Job Title: Medical Billing Associate
Type of Company: Non-Profit Family Planning clinic.
Education: Certificate, Medical Billing & Coding, Clark University AA, Medical Assisting, Middlesex Community College BS, Health Administration, UMass-Lowell
Previous Experience: I worked for an insurance company doing data entry of medical claim forms. Then I contracted at a hospital entering the charges for patient visits into their system. I am currently doing medical billing at a local clinic where I generate patient claims, post insurance payments and also do pharmacy billing and payment posting.
Job Tasks: I primarily bill patient visits to all types of medical insurance companies: Blue Cross-Blue Shield, Tufts Health Plan, United Health Care.... to name a few. I am also responsible for billing all contraceptives dispensed to patients via their pharmacy insurance.
On a daily basis I review patient visit data and create electronic claims. These get sent electronically to the insurance company. I also apply payments from those insurance companies to the appropriate patient account.
I locate all encounters in which contraceptives have been dispensed and bill those to the pharmacy insurance companies. When checks are received, I post the appropriate payment to each patient's account.
When insurance claims are not paid or when they're denied, I have to determine the reason for the denial and determine if I can correct and re-submit the claim. Examples of denials are: incorrect diagnosis code for the procedure that was performed; the medical insurance ID number is incorrect; the patient's name does not match the name the insurance company has; the date of birth of the patient does not match the date the insurance company has and there are many many other reasons insurance companies will deny claims.
Medical billing requires a lot of attention to detail, as well as persistence and patience. This type of position is best learned inside a small billing department. I have had the opportunity to learn about billing, unapplied payments (payments patients pay which have not been credited to their accounts), posting insurance payments, pharmacy billing and payments, etc. If I were in a large hospital my work would be far more specialized.
Best and Worst Parts of the Job: The part of my job I like the least is reviewing each patient encounter and generating the claims. I find this very tedious. Posting the payments received is more interesting.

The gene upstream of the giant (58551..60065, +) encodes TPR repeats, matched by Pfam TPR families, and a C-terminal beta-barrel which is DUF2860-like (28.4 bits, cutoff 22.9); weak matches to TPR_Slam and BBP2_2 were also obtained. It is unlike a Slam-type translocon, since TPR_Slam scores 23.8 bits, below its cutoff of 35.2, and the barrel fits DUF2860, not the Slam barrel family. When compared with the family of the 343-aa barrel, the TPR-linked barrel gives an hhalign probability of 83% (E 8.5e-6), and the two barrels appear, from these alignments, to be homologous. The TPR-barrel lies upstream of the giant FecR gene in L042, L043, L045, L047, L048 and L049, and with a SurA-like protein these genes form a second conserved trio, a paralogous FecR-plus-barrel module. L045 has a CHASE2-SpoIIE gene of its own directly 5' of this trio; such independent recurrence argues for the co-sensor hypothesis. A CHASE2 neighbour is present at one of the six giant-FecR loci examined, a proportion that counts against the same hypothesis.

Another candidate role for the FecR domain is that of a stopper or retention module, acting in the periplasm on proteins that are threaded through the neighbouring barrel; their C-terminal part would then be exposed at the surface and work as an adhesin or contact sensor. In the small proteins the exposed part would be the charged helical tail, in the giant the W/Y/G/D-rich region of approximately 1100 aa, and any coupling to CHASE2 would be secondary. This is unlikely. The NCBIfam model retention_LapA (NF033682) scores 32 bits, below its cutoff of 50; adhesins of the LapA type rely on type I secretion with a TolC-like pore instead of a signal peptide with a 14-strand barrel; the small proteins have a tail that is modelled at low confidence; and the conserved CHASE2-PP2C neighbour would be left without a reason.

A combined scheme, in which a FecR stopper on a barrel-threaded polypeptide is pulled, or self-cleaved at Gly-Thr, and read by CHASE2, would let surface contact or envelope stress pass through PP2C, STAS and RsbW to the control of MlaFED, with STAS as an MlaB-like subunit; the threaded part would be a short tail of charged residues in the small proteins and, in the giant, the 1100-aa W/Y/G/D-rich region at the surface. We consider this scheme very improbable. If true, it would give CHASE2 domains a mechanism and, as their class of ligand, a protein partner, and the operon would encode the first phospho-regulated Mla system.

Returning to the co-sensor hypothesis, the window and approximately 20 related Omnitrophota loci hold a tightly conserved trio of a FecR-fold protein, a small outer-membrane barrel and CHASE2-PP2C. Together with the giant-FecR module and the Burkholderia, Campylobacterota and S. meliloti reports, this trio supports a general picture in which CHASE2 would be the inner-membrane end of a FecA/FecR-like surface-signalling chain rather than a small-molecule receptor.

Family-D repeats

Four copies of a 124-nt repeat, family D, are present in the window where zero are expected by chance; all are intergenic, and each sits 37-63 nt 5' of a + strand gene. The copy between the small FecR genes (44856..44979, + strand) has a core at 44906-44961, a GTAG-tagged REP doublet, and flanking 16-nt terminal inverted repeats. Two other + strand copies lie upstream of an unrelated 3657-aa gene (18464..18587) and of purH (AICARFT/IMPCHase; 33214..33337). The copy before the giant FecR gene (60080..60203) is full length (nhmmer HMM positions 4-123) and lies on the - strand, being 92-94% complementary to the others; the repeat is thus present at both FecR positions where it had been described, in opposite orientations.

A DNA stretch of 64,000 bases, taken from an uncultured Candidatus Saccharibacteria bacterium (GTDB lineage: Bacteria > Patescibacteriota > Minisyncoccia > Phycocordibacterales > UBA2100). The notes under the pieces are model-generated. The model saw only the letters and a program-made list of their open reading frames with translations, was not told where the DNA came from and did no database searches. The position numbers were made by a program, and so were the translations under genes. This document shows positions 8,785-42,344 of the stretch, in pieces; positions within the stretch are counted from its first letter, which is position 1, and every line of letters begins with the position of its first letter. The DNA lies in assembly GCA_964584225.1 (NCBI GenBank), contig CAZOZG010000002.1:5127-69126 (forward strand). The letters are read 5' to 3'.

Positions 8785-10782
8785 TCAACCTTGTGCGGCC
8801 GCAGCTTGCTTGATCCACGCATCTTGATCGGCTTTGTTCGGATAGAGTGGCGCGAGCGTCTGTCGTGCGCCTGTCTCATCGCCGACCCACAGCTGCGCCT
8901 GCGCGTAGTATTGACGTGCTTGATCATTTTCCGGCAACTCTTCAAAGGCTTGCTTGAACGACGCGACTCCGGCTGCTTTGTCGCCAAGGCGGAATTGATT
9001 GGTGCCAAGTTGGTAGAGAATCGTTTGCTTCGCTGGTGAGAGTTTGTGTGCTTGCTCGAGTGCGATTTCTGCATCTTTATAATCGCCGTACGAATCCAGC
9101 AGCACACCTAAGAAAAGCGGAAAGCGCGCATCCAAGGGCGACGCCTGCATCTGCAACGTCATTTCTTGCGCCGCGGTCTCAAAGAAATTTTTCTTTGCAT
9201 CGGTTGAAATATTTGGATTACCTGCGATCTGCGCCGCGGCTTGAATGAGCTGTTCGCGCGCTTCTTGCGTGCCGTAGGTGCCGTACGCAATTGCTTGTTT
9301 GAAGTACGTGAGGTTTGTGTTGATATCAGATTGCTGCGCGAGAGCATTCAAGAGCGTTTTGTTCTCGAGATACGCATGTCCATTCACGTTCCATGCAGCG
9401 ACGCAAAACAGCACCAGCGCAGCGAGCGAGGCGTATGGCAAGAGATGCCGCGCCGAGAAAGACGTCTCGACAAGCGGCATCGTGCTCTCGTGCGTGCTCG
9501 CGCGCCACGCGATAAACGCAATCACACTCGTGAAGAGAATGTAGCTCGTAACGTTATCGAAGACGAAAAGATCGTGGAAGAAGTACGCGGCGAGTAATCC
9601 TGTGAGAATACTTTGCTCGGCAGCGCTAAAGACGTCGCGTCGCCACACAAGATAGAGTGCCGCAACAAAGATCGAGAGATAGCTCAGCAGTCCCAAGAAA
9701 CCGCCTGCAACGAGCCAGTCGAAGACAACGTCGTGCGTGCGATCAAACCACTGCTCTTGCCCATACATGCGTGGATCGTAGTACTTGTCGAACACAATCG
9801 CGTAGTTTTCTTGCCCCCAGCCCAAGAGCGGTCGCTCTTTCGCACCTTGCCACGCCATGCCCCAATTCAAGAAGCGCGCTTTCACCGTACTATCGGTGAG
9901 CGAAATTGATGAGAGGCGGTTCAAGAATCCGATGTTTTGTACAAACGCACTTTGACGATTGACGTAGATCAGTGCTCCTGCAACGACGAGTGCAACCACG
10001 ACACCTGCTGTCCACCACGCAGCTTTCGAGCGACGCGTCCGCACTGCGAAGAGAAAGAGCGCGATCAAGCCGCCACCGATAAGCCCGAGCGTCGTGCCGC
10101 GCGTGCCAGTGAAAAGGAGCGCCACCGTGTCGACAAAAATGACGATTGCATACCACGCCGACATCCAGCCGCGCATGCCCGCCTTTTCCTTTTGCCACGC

The best part of my job is the pharmacy billing. I get to run a report in our billing software to locate the contraceptive encounters I need to bill. Then I look in our software to get the insurance information and policy number. Next I go into the pharmacy billing system, enter the patient name, date of birth, policy info, then create a prescription and bill the pharmacy insurance company. When I receive pharmacy payments, I sometimes need to go to the pharmacy system first to identify the patient before actually posting the payment in our billing software.
Job Tips: A career in medical billing and coding must start with a certificate program or associate program. There are many different programs out there both in classrooms and online. My suggestion would be to go to a class. Check the program out. I have heard of people going through a program only to be extremely disappointed in the classes and the money they spent.
Once classes are done, you should probably take an externship (this is an internship that's done once your classes have been completed.) No matter how much you want to get into medical coding, do your internship in billing. I learned this the hard way. I did my externship in coding and was unable to obtain an entry level position in that hospital (there were no openings). After two years, I have finally gotten into a billing position.
Just remember to 'never say no to learning something new'. This will earn you excellent points no matter what field you go into.
Additional Thoughts: This was a career change for me. I worked as a Quality Assurance Test Engineer (testing computer software) for 19 years when I changed careers. It has been a struggle, but so much less stress!
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